News articles stated that ash had covered a well-known mine that produces edible salt, and had contaminated food and water sources. During 15-16 June several airlines cancelled some domestic and international flights, including in and out of Addis Abeba (Ethiopia), neighboring Djibouti, and Khartoum (Sudan).

Sources: Toulouse Volcanic Ash Advisory Centre (VAAC), NASA Earth Observatory, Addis Fortune, Bloomberg, NASA MODIS Rapid Response System


8 June-14 June 2011

According to the USGS Earthquake Hazards Program, an earthquake swarm was detected during the evening of 12 June on the border of Ethiopia and Eritrea, in the vicinity of Nabro, the most prominent of three volcanoes with large summit calderas aligned in a NE-SW direction SW of Dubbi volcano. The swarm began at 1837 with an M 5.1 earthquake. Several more were detected between M 4.3 and 5.1 over the next few hours. Two M 5.7 earthquakes at depths of 10.1 km and 9.9 km were detected at 2332 on 12 June and 0003 on 13 June, respectively.

The Toulouse VAAC reported that an eruption from Nabro (originally attributed to Dubbi) started between 0000 and 0200 on 13 June. An eruption plume initially rose to altitudes of 9.1-13.7 km (30,000-45,000 ft) a.s.l. then was later detected at altitudes of 6.1-10.7 km (20,000-35,000 ft) a.s.l. during 13-14 June. According to the Eritrean Ministry of Information, ashfall covered hundreds of kilometers and the government evacuated area residents. Witnesses noted that the eruption had started at about 2100 on 13 June. Satellite images that same day showed the plume drifting more than 1,000 km NW, over parts of Sudan. On 14 June a detached ash cloud was detected over southern Israel according to news articles. A plume from Nabro was not obvious on satellite imagery.

Sources: US Geological Survey Earthquake Hazards Program, Toulouse Volcanic Ash Advisory Centre (VAAC), NASA MODIS Rapid Response System, Eritrean Ministry of Information, The Jerusalem Post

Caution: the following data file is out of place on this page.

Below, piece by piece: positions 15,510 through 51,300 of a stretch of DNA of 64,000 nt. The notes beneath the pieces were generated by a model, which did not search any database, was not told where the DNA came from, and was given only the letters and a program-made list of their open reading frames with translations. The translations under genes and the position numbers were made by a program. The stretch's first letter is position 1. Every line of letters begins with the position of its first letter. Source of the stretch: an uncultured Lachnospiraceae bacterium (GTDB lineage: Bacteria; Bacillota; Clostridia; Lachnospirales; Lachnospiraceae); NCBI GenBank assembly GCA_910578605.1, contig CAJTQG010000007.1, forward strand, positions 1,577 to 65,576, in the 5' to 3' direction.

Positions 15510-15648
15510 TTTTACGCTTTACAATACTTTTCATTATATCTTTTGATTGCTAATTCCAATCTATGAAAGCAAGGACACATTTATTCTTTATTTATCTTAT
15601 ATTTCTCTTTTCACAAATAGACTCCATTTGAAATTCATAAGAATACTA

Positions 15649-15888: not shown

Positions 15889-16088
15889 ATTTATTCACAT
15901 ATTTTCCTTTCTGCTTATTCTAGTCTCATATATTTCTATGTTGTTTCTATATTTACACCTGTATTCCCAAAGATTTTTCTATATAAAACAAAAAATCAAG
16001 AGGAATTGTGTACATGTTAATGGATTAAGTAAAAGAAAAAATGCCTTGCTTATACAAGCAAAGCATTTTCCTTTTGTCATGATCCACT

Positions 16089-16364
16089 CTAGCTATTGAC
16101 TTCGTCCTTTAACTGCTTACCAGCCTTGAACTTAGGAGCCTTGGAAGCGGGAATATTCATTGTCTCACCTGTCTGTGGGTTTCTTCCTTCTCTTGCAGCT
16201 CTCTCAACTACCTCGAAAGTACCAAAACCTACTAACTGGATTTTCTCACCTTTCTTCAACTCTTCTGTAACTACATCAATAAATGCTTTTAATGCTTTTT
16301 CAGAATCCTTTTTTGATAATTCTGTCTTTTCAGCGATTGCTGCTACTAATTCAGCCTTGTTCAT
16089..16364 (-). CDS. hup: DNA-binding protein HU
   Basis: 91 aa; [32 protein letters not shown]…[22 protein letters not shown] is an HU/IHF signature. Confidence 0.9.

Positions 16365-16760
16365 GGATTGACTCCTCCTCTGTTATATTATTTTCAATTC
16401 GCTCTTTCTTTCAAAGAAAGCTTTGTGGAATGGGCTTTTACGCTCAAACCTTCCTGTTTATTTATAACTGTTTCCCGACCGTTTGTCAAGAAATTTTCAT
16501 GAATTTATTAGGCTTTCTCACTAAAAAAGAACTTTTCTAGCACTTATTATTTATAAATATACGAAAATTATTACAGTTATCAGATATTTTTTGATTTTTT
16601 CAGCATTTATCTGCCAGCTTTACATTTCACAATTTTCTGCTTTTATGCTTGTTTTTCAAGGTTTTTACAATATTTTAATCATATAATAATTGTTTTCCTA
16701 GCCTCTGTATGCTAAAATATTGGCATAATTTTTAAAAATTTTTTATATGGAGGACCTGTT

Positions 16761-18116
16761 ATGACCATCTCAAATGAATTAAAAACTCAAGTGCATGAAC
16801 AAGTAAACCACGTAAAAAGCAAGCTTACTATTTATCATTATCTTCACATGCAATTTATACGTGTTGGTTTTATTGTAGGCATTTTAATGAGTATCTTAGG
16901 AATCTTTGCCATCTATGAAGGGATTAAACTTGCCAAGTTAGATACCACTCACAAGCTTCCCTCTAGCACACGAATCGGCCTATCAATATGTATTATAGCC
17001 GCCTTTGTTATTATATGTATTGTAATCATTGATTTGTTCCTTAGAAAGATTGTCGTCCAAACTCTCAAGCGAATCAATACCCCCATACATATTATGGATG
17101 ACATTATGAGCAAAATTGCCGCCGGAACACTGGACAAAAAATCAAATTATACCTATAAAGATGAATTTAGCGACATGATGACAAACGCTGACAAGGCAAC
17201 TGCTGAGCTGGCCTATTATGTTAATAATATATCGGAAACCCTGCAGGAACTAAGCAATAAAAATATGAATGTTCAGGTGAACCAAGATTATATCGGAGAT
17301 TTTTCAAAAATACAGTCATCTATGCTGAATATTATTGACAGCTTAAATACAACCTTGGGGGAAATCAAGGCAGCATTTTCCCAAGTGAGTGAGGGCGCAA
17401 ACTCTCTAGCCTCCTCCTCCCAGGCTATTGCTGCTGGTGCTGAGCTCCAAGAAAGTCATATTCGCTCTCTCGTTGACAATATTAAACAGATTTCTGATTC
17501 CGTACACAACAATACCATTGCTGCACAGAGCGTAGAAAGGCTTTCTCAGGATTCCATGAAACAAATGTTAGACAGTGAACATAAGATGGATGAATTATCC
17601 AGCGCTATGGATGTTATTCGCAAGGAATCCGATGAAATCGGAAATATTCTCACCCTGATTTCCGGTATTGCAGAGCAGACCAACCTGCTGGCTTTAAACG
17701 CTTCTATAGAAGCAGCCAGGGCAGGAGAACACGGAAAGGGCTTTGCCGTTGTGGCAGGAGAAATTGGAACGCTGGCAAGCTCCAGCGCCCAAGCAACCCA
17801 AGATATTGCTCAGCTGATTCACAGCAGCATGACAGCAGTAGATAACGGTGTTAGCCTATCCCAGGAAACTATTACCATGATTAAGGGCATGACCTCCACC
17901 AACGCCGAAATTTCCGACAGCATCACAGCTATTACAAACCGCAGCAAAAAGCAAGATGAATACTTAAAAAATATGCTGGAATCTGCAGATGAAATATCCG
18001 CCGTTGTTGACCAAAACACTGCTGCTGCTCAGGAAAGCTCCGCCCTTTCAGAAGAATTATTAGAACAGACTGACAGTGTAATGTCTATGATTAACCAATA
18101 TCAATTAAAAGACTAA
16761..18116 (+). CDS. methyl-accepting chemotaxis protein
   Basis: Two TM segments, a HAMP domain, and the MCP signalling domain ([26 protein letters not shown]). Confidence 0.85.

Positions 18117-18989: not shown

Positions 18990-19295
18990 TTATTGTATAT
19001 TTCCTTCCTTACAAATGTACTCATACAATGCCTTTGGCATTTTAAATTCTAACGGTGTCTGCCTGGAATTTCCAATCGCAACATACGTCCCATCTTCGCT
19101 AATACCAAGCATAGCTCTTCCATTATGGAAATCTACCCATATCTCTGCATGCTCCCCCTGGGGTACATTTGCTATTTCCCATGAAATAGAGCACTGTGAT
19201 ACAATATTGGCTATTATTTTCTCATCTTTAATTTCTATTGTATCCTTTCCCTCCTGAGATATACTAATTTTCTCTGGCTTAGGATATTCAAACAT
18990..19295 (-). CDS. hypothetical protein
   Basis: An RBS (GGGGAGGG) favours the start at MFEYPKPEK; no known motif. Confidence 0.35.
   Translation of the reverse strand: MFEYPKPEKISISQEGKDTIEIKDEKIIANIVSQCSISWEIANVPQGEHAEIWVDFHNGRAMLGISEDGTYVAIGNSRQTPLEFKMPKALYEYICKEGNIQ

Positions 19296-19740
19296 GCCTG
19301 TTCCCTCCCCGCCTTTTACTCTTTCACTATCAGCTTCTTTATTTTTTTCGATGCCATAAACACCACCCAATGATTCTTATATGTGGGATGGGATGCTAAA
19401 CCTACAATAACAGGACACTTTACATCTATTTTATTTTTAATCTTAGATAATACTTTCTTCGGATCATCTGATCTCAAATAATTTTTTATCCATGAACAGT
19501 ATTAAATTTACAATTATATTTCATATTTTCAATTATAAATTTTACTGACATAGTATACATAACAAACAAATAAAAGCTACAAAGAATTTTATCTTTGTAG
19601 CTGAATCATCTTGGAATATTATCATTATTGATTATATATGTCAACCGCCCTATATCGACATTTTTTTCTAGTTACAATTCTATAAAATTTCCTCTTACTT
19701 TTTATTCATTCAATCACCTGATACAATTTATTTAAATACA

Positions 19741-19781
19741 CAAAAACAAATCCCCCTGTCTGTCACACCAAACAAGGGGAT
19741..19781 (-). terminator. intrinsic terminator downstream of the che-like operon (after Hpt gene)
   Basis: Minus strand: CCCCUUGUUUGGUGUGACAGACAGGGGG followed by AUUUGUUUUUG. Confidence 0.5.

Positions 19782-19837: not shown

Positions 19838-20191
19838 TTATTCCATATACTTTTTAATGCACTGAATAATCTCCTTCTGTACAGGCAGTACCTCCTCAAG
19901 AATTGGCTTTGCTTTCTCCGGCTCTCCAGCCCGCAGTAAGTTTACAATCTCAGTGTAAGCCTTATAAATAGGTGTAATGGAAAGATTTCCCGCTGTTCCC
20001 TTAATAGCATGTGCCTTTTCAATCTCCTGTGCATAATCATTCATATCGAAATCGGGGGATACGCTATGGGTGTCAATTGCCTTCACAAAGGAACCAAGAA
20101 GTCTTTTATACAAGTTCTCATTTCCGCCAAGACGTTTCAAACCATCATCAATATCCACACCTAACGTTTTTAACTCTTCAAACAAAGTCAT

Summary of eruption dates and Volcanic Explosivity Indices (VEI).

Start Date Stop Date Eruption Certainty VEI Evidence Activity Area or Unit
2011 Jun 13 2012 Jun 3 (?) Confirmed 4 Historical Observations

The following references are the sources used for data regarding this volcano. References are linked directly to our volcano data file. Discussion of another volcano or eruption (sometimes far from the one that is the subject of the manuscript) may produce a citation that is not at all apparent from the title. Additional discussion of data sources can be found under Volcano Data Criteria.

CNR-CNRS, 1975. Geological Maps of Afar: 1, Northern Afar (1971); 2, Central and Southern Afar (1975). La Celle St Cloud, France: Geotechnip.

IAVCEI, 1973-80. Post-Miocene Volcanoes of the World. IAVCEI Data Sheets, Rome: Internatl Assoc Volc Chemistry Earth's Interior..

Katsui Y (ed), 1971. List of the World Active Volcanoes. Volc Soc Japan draft ms, (limited circulation), 160 p.

Wiart P, Oppenheimer C, 2005. Large magnitude silicic volcanism in north Afar: the Nabro volcanic range and Ma'alalta volcano. Bull Volc, 67: 99-115.

Wood C A, 1980. . (pers. comm.).

The 2218-m-high Nabro stratovolcano is the highest volcano in the Danakil depression of northern Ethiopia and Eritrea. Located at the SE end of the Danakil Alps, Nabro lies in the Danakil horst. Nabro is the most prominent and NE-most of three volcanoes with large summit calderas aligned in a NE-SW direction SW of Dubbi volcano. These three volcanoes, along with Sork Ale volcano, collectively comprise the Bidu volcanic complex. The complex Nabro stratovolcano is truncated by nested calderas, 8 and 5 km in diameter. The larger caldera is widely breached to the SW. Nabro was constructed primarily of trachytic lava flows and pyroclastics. Post-caldera rhyolitic obsidian domes and basaltic lava flows were erupted inside the caldera and on its flanks. Some very recent lava flows were erupted from NNW-trending fissures transverse to the trend of the Nabro volcanic range.